On my recent travels, I was reading an advanced copy of Ravi Howard‘s Like Trees Walking. This first person narrative is a fictionalized account of one of the last hangings in the south. The authors lightly places elements in the book to remind us of the times in which the story occurred such the social setting, music and dance fads and values of the times. The young man in the story belongs to a prominant family which has high expectations for his future and for that of his brother. In fact, the entire community is vested in its children. True to his age, our storyteller is filled with so many doubts about himself and the world around him! Then, someone he personally knows is found hanging from a tree. Murder? Suicide? Motives? Reactions? The author uses the family’s mortuary business to help the narrator explore themes such as race, success, family, death, faith and religion. Unfortunately, as I was finishing this reading and finding our how everthing was coming together, I left my book on an airplane. Now, I’ll have to wait for the book to be published early ’07 and finish reading the copy I purchase for my school library.
This movie looks so cute!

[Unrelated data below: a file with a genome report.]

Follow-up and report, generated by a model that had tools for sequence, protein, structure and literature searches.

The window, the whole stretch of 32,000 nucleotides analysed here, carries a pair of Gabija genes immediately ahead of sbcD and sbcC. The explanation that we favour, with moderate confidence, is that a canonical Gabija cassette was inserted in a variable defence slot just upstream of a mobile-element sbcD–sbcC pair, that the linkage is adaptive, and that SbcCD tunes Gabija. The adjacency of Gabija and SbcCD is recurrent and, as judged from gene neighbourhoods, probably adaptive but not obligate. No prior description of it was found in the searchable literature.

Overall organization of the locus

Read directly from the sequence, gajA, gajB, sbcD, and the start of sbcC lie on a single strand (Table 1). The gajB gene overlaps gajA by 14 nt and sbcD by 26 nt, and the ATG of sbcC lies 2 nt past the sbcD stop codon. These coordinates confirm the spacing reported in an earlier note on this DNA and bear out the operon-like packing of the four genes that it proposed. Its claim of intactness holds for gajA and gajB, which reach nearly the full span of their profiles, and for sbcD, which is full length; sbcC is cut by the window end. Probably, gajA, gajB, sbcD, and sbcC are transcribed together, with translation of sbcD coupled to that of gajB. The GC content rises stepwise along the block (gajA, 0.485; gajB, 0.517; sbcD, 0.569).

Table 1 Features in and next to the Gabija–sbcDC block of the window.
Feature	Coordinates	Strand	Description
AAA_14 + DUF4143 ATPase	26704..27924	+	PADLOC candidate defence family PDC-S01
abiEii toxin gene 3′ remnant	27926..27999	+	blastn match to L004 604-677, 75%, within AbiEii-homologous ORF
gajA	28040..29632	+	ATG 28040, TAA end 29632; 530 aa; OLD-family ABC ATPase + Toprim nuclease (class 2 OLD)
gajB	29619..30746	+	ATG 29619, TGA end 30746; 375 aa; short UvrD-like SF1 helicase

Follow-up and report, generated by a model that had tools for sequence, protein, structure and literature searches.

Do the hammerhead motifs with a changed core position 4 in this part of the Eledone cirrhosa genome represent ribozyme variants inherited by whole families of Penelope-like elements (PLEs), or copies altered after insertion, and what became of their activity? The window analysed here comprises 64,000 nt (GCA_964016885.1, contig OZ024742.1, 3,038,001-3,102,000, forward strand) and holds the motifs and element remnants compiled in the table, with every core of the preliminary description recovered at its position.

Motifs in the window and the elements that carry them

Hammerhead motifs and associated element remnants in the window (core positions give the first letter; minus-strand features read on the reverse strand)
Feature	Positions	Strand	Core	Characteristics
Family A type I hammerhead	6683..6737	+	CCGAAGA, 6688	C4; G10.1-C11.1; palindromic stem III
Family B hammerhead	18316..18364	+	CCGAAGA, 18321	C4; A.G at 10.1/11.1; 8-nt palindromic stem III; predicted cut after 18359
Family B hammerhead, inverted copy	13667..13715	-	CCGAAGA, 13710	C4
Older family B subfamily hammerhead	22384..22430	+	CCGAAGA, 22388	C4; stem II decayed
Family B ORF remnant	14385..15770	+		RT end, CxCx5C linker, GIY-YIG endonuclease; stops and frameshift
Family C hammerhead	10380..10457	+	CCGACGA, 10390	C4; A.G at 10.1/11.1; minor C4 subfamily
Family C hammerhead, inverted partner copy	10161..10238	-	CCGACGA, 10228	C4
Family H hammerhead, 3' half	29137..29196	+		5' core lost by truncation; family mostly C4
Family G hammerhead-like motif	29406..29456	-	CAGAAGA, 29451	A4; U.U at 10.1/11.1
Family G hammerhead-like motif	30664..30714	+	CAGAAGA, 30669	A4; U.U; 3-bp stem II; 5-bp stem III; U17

The National Collaboration for Youth (NCY) and Heartland Film Festival’s Truly Moving Pictures have teamed together in a collaborative project called F.I.L.M., an acronym for “Finding Inspiration in Literature and Movies.” The literacy and film program encourages youth associated with NCY organizations to screen the featured films, read the books associated with the movies, participate in activities from the free, downloadable activity guides, and complete service projects that relate to the central themes of the books and movies.
The organization offers a wealth of resources to improve literacy. The often email information about free passes to screenings of family movies. The latest film activity guide is for “Happy Feet”
Until 30 November, National Geographic has a competition which gives 2 teachers the opportunity to win a trip to South Africa for them and some of their students. What a fantastic opportunity!
The International Reading Association’s blog just posted a link to a new report from the Thomas B. Fordam Foundation. The Fordham Report 2006: How Well Are States Educating Our Neediest Children?. The Foundation collected 15 years of data and sythnesized it into a report on how well each state has education its poor and minority students. Only 8 seem to be doing the job. I geuss the rest are in serious need of Hilary Swank. (See previous posting)